Alexei Navalny addresses demonstrators during a rally in support of independent candidates for elections to Moscow City Duma, in Moscow. File photo/ Reuters
Russian opposition and ordinary Muscovites plan to take to the streets of Moscow on Saturday to demand free and fair polls despite a police crackdown including the jailing of Kremlin critic Alexei Navalny.
This week authorities jailed President Vladimir Putin’s top opponent for 30 days and launched a probe targeting his allies but activists said they would not abandon plans to attend an unauthorised rally.
Authorities launched the clampdown as opposition politicians are fighting to get on the ballot for a Moscow parliament election in September amid anger over worsening living standards and Putin’s falling approval ratings.
Last weekend, 22,000 people turned up for a Moscow protest, the largest such demonstration in years, after authorities refused to allow opposition candidates to run, citing what critics say are spurious reasons.
After the opposition threatened an even bigger rally on July 27 outside the mayor’s offices, Navalny was jailed and several disqualified candidates had their apartments and campaign offices searched in night-time raids.
On Friday Navalny allies said police had also searched their campaign headquarters in the latest raids.
Independent candidates urged Russians to keep up the fight, saying the country’s future trajectory was at stake.
“We are no longer talking about our mandates,” said would-be candidate Dmitry Gudkov.
“If we lose now, elections will cease to exist as a political instrument and the repressive machine will push the country towards 1937,” Gudkov added, referring to the peak of Stalin’s Great Terror.
Over the past 20 years Putin has muzzled independent media and left opposition parties without representation in parliament.
Navalny was not allowed to run against Putin in a 2018 poll because of a conviction in a fraud case which has been viewed as punishment for his activism.
Local polls have been seen as the only legal opportunity for opposition politicians to have a say in Russia’s political life.
While pro-Kremlin candidates enjoyed the support of the state, independent candidates say they have been made to jump through countless hoops in order to get on the ballot.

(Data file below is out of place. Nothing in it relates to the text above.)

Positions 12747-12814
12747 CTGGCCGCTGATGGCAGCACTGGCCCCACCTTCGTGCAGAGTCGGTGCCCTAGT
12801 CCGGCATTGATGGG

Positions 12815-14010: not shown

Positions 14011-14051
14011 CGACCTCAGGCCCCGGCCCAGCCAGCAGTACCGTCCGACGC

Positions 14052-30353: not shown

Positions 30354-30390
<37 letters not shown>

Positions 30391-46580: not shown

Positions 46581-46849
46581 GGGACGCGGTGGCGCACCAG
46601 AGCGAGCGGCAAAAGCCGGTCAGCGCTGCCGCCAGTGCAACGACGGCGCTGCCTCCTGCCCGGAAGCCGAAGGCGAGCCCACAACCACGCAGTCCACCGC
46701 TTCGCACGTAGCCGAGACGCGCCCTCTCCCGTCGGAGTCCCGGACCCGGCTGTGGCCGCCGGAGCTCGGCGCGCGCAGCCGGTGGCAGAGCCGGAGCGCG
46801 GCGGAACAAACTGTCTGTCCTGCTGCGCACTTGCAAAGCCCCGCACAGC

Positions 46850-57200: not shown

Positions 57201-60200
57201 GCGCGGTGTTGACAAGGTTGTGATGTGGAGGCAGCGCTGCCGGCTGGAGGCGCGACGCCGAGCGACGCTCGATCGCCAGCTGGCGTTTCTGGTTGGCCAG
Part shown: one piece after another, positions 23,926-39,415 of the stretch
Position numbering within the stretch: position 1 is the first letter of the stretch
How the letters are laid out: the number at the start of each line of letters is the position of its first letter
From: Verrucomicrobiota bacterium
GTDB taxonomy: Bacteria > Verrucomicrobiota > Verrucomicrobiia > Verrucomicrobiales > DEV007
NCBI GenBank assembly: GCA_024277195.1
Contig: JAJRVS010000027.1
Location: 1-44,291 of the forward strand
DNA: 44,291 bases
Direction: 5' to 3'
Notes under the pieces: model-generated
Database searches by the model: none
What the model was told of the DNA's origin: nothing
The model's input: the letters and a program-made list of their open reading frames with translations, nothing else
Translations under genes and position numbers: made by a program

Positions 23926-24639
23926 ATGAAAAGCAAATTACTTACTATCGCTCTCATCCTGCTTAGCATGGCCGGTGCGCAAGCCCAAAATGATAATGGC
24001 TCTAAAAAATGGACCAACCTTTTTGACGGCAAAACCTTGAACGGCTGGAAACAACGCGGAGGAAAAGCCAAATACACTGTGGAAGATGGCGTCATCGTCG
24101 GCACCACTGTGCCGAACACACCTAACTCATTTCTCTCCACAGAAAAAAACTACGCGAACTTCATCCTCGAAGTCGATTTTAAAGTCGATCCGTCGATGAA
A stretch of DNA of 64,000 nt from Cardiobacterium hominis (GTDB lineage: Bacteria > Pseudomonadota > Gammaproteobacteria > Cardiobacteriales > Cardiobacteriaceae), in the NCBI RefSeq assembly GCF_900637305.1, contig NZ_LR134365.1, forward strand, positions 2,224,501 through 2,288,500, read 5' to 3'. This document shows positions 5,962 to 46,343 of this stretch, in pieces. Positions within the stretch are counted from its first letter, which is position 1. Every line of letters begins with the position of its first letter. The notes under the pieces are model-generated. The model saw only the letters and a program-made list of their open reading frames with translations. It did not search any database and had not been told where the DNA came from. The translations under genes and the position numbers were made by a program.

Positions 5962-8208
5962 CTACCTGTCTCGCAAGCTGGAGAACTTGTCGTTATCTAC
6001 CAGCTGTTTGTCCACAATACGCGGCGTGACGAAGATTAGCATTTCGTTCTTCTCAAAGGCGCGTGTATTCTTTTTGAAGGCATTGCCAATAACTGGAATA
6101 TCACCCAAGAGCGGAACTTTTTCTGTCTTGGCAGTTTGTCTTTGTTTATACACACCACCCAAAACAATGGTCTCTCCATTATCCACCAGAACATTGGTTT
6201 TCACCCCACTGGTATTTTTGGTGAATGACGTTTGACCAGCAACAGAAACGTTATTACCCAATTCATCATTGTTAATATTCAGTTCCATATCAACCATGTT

Each conducted a genuine campaign and collected roughly 5,000 signatures from supporters.
Authorities still refused to register them, accusing them of faking some of the signatures — including those of prominent people and their own relatives.
Navalny ally Lyubov Sobol launched a hunger strike in protest.
On Thursday, the 31-year-old demanded officials review her documents and threatened to continue her strike at the offices of the Moscow election commission.
Instead, she was carried out of the building — atop a couch. Officials later said they had to take the couch out to get rid of bedbugs.
Critics say that instead of probing authorities for violating election legislation, investigators launched a probe into obstructing the work of election officials.
For that offence protest organisers risk up to five years in prison.
Absurdities become norm
Vedomosti said that Moscow was beginning to look like an Orwellian dystopia.
Officials seek to convince people of the “honesty of their lies,” the daily said.
“Over the past days the absurdities have become the norm.”
Nearly 11,000 people indicated interest in the rally on Facebook.
Police asked media to notify the authorities if they planned to cover the protest and urged Russians to skip the rally altogether.
Viktoria Popova, a 30-year-old illustrator, said she could not miss the protest.
“It is impossible not to come, it’s impossible to feel powerless, unable to change anything,” she told AFP.
“Who would have thought it would become important to take part in such a bizarre and boring affair as the Moscow parliament election?”
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